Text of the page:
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Wheatgrass Diet

Not just for cows anymore

by Michael Braunstein


wheat grass juice

Ann Wigmore -
the "Say..., hay!" Kid

Wheatgrass is the green, growing and processing plant that will eventually become a shaft of wheat, produce grain, die, and be harvested. It is a completely different animal when it is still in the grass stage. At only seven days, the wheatgrass is 6 to 9 inches tall and can be cut and juiced. The deep green juice is abundant with vitamins, minerals, enzymes, chlorophyll and vital life energy. It is intensely concentrated and benefits are seen with as little as one ounce a day.

Using grass poultices to heal wounds has been common in folk medicine for recorded centuries. And there is much anecdotal evidence. But many applications of "old wives' tales" have had little support from modern science. (No problem. We're all grown ups here.) That's not the case with wheatgrass. Its healthy properties have been the subject of much research.

In the 1950s, a lady named Ann Wigmore began to look at the healing properties of grasses. She remembered her mother using grasses to heal wounded soldiers in World War I. Wigmore contacted Dr. G.H. Earp-Thomas, an expert in grasses, plants and chlorophyll. Research and lab analysis showed wheatgrass to be the most vital and possessing a number of elements beneficial to human health. Wigmore founded the Hippocrates Health Institute in Boston to further the work. Research by Dr. C. Schnabel found that wheatgrass was a valuable source of important nutrients. Schnabel wrote that 15 pounds of wheatgrass had more nutritional value than 350 pounds of fresh, whole vegetables.

Wigmore found her own experience was typical. Drinking fresh wheatgrass juice alleviated chronic gastro-intestinal problems for her and as a bonus, left her more energetic than ever. Proponents surmise that the mucopolysaccharides in wheatgrass help break up impacted intestinal debris and improve food absorption.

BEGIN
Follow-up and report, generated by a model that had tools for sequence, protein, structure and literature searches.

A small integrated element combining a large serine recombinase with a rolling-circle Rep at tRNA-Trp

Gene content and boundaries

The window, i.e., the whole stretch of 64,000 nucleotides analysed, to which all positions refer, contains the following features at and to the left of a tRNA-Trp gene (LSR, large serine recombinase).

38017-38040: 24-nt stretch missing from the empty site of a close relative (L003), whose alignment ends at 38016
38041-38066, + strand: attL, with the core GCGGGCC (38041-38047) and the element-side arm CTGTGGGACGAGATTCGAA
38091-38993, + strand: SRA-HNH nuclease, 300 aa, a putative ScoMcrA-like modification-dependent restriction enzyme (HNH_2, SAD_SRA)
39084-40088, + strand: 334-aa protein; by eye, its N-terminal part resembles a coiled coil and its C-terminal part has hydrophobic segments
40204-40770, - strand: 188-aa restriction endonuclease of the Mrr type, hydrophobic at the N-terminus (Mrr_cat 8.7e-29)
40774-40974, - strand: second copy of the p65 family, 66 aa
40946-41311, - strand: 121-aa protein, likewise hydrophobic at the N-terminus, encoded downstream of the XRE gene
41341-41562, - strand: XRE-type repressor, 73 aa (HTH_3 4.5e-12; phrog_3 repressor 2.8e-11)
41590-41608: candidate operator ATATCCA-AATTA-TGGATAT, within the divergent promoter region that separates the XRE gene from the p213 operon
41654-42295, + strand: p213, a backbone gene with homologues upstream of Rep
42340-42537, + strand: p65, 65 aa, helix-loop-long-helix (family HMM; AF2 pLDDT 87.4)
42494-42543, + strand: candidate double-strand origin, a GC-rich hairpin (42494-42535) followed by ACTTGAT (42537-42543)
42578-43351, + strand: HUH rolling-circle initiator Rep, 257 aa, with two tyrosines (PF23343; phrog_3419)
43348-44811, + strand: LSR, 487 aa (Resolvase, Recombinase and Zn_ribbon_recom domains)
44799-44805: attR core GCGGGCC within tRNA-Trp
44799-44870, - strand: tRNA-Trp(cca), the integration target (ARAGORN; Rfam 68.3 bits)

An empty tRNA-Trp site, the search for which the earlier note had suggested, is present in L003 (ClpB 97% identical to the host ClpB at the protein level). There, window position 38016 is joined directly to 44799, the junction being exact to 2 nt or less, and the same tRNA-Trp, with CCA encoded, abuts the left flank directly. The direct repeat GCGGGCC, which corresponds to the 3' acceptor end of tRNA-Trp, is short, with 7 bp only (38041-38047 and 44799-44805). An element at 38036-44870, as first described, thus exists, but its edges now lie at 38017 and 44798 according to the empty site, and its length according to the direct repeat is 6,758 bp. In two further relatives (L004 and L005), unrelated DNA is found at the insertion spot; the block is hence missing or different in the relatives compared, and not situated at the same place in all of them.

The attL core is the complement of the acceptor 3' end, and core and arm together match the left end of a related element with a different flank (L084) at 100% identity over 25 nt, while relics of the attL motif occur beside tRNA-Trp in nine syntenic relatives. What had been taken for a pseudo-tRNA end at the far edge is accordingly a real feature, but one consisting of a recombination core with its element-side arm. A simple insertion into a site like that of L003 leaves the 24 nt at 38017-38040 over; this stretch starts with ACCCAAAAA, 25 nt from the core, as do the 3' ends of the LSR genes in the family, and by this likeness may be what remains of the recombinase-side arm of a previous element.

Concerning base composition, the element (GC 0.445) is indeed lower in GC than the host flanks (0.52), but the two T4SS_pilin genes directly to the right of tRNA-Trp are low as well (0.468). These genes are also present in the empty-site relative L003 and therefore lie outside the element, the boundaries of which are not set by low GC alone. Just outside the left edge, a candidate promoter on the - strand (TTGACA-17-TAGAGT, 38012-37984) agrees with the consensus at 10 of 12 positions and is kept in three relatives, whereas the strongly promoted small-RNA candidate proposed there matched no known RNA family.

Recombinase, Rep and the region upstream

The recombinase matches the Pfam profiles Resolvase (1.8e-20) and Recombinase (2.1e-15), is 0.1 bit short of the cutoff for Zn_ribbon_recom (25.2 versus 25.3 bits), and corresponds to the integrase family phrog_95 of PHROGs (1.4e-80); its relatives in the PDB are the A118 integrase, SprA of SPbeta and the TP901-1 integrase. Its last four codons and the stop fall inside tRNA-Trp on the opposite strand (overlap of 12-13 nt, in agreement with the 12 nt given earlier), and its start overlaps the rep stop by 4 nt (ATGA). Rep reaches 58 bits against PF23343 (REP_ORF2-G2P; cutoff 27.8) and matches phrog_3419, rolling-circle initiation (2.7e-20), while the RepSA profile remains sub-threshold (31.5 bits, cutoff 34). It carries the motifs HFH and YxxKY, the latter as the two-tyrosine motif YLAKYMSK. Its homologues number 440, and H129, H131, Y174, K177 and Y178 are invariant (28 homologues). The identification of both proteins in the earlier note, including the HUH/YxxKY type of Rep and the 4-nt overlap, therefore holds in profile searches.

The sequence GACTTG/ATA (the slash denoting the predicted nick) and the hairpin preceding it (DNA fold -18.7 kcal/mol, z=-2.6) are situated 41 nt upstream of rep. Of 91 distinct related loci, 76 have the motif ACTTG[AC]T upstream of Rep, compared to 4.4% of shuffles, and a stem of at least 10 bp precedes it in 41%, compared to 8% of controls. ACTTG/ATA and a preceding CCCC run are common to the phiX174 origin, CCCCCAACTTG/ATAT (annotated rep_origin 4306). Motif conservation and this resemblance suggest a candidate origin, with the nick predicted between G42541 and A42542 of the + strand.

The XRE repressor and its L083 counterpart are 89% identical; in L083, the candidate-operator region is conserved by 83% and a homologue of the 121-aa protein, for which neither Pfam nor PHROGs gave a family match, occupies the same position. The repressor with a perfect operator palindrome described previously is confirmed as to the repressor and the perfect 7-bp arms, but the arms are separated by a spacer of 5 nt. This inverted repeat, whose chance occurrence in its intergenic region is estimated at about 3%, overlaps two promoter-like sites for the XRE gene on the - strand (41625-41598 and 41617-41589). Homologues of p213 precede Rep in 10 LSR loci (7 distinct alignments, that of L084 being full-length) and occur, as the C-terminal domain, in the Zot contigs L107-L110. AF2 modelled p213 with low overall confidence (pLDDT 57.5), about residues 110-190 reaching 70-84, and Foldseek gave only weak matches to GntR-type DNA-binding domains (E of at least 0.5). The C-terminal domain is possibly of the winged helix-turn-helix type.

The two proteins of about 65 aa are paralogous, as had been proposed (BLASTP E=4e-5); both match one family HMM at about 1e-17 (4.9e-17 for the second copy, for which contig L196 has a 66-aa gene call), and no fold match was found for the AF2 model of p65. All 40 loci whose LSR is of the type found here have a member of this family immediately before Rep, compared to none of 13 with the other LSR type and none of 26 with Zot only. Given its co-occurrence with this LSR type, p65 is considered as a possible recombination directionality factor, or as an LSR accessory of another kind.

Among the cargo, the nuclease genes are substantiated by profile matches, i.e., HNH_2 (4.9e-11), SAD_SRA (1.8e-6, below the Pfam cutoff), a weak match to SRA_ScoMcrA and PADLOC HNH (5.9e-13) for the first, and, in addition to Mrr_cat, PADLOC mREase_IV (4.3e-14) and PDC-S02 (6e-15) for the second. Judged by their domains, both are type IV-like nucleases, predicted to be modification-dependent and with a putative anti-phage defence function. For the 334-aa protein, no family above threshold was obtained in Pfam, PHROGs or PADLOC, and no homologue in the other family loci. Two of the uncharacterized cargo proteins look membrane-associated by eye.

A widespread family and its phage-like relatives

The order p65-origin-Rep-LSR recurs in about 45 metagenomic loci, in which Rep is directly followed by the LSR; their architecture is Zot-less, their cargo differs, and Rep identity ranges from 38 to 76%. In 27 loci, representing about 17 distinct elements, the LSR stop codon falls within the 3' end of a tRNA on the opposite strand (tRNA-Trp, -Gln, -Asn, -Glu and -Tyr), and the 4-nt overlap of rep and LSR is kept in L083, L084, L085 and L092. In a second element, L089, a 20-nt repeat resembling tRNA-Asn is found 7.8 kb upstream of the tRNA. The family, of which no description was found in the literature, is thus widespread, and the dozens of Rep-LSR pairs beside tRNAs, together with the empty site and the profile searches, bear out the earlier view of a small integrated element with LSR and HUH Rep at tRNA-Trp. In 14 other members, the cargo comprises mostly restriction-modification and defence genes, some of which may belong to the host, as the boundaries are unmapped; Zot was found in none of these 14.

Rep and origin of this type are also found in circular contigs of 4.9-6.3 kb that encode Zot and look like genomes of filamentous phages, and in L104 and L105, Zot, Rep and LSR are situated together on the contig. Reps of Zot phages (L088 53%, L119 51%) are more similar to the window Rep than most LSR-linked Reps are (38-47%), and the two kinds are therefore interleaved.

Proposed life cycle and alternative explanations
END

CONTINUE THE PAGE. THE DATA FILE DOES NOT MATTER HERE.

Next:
The main component in wheatgrass is chlorophyll. That alone would be enough to bring benefit. Presented in its holistic state, with appropriate enzymes and minerals, it is a powerful nutrient. Researcher Dr. Hans Fischer and his associates won the Nobel prize for their work investigating the properties of red blood cells. One of the key points of the research found that chlorophyll and hemoglobin, the oxygen-binding substance in red blood cells, (RBC) were nearly identical molecules.

Other researchers found that injections of chlorophyll caused an increase in hemoglobin levels and regeneration over 50% higher. When erythropoiesis, (the forming of red blood cells) is higher, oxygenation is higher and the system in general benefits in many ways.

Supporters of wheatgrass believe this research confirms what they already knew: drinking wheatgrass juice is good for you. In addition to the research that shows the increase in RBC, the high levels of enzymes in wheatgrass juice make it a powerful blood purifier. It clears and regenerates the liver, fights anemia and detoxifies the body. It stimulates body function and increases energy.

Because of its concentrated life force, most users suggest that one start with as little as an ounce and slowly increase from there. In addition to being available at juice bars and whole food restaurants, it is also available in tablet or powdered form. Wigmore, for one, suggests the whole food approach of grow it and "mow" it fresh. One shot (glass) and you'll know it.

Wigmore has published at least 2 books on the subject, The Wheatgrass Book, describing how to grow and juice it and The Hippocrates Diet and Health Plan. In addition, the Ann Wigmore Foundation in Boston shares information about wheatgrass use.